Feature block construction
Recall given D features, there are 0.5D(D−1) feature pairs. Although our filtering removes many feature pairs, there still could be too many feature pairs to be easily used for classifier design. In addition, since (a) SNPs may be heavily correlated, (b) a feature may occur in many feature pairs, and (c) the binarization scheme described in the preprocessing step creates two binary features for each SNP, the binary features might be heavily correlated, creating dependencies among feature pairs. In other words, given that a specific pattern for a feature pair is observed, one may be able to estimate the value of many other feature pairs. For example, given we observe \(1_{\left \{X_{f_{i}}=1\right \}}=0\) for a specific feature pair that uses \(1_{\left \{X_{f_{i}}=2\right \}}\), we can easily conclude all feature pairs that assume \(1_{\left \{X_{f_{i}}=2\right \}}\) are zero. These dependencies exacerbate classifier design. Therefore, we propose the following procedure to reduce the number of weights to estimate. Note we could have used any other community detection algorithm instead; however, we observed the following procedure works well, and enjoys low computation cost.
We consider blocks of feature pairs of the following forms for each feature f_{i} and pattern c_{i}c_{j}:
where P’s and N’s are collections of risk increasing and risk decreasing feature pairs, respectively. Figure 3 depicts this process. Afterwards, given an observation X, we report the ratio of feature pairs in each block which take value one. Among the constructed blocks, we again remove “weak blocks”, i.e., for each block A, irrespective of being risk increasing or risk decreasing, we compute r^{A}, the logarithm of the expected ratio of observed patterns of block A in class 1 versus class 0. We then remove blocks for which r^{A}<T_{3}. Again, T_{3} is threshold that will be chosen through cross validation.
We observed this approach to (a) reduce the number of parameters to estimate when D is large, and (b) improve prediction performance. Note that this approach is equivalent to decomposing \(w_{f_{i}f_{j}}^{c_{f_{i}} c_{f_{j}}}\) to two terms, one for the block \(A^{f_{i}}_{c_{i} c_{j}}\) and another for block \(A^{f_{j}}_{c_{j} c_{i}}\), where A is either P or N, and assuming all features pairs in \(A^{f_{i}}_{c_{i} c_{j}}\) have the same decomposed coefficient in their expansion. Here, in the simulations, we observed such assumptions improves classification performance when features, i.e., SNPs, are correlated, but leave a mathematical analysis of such assumption on the classifier performance for future work.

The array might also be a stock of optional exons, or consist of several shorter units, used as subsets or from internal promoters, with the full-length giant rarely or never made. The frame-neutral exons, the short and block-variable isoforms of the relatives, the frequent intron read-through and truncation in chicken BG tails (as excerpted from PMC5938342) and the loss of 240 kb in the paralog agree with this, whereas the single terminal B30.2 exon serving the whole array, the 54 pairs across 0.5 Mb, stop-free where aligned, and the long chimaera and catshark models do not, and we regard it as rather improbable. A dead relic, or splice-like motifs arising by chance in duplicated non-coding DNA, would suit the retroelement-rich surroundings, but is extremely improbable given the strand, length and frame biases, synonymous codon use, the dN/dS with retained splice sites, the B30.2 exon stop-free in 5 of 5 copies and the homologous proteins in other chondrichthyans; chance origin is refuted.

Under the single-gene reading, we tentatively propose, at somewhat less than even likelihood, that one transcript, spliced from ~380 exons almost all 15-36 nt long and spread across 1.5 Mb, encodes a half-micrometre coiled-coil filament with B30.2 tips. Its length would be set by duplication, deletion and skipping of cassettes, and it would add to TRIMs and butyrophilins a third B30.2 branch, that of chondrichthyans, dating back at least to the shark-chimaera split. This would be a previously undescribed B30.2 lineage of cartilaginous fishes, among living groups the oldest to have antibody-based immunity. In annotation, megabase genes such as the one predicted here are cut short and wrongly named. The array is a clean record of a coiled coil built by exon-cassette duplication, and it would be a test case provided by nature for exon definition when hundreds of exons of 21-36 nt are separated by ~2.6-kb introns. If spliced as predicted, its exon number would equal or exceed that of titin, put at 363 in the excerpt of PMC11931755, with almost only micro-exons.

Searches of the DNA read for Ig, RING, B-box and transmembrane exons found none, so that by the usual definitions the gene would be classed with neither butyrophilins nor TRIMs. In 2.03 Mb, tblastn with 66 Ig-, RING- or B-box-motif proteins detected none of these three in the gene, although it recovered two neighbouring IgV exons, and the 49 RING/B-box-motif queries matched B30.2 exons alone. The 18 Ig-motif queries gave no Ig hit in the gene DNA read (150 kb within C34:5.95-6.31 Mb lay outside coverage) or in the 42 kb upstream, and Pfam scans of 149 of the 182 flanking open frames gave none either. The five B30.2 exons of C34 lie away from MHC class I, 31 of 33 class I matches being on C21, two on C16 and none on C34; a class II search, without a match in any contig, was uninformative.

Now, given observation X, we construct the vector V(X), comprised of each feature value, and the ratio of observed patterns in risk increasing and risk decreasing blocks. The vector V(X) shall be used in the next section to assign a “risk” to observation X.
Estimating classifier parameters
To complete our classifier construction, we need to estimate HDMR coefficients. Note given our construction of blocks in the previous section, we now only need to find a vector b so that we may write that E_{2}(L(X)X)≈E(L(X))+b.V(X). However, we may be dealing with an illposed problem due the number of coefficients to estimate being larger than the sample size. Note that although the HDMR expansion of the log likelihood ratio is unique, we mostly compare it with a threshold to assign a label to a newly observed point. Therefore, in many cases it is acceptable to work with a affine transformation of the log likelihood ratio. In other words, although not being able to find the exact second order HDMR expansion of the log likelihood ratio is not desirable, it is not catastrophic either, as any affine transformation of the log likelihood ratio can be used as an equally good decision rule.
To circumvent the illposed problem, we use an objective function which is a variation of objective functions mostly studied in the compressed sensing literature [26] that aim to estimate a sparse signal given 1bit quantized observations. In other words, optimization problems and formulations that aim to estimate vector a from n observations of the form {(x_{i},y_{i}):i=1:n} where y=sign(a·x) and “ ·” denotes inner product. Connections between these objectives and a convex relaxation to the logistic regression problem is discussed in [27]. Extensions that additionally consider noisy measurements in the form of random flips, i.e.,
are studied in [27]. Finally, [28] studies extensions to nonGaussian features. Note in [27] it is shown that up to a constant the error in recovering the signal a matches the minimax error for the unquantized compressed sensing problem. We use the following optimization problem to solve for the weights we wish to use.
where \(\mathscr {S}_{y}\) is the portion of data in class y. Figure 4 depicts how b^{∗} is selected given vectors V(X) for the training data. Heuristically speaking, given a feature vector in the form of log likelihood ratios of partial observations x_{u}, here we find weights that maximize the distance between the average points of each class. The heuristic for using such objective is as follows: the HDMR expansion obtains the weights that result in the “best” low dimensional representation, i.e., we find the mean square error (MSE) estimate of the log likelihood ratio. The underlying reason we do so is that we believe the HDMR expansion of the log likelihood ratio gives a us a model that enjoys a low prediction error. On the other hand, weights that maximize the distance between the projections of the center points of the two classes to a one dimensional space should also yield low prediction error. Hence, such objective should result in a model that is close to the HDMR expansion. Note that in special cases, for instance independent Gaussian features with equal variances in both classes, we can actually prove that such approach minimizes the prediction error.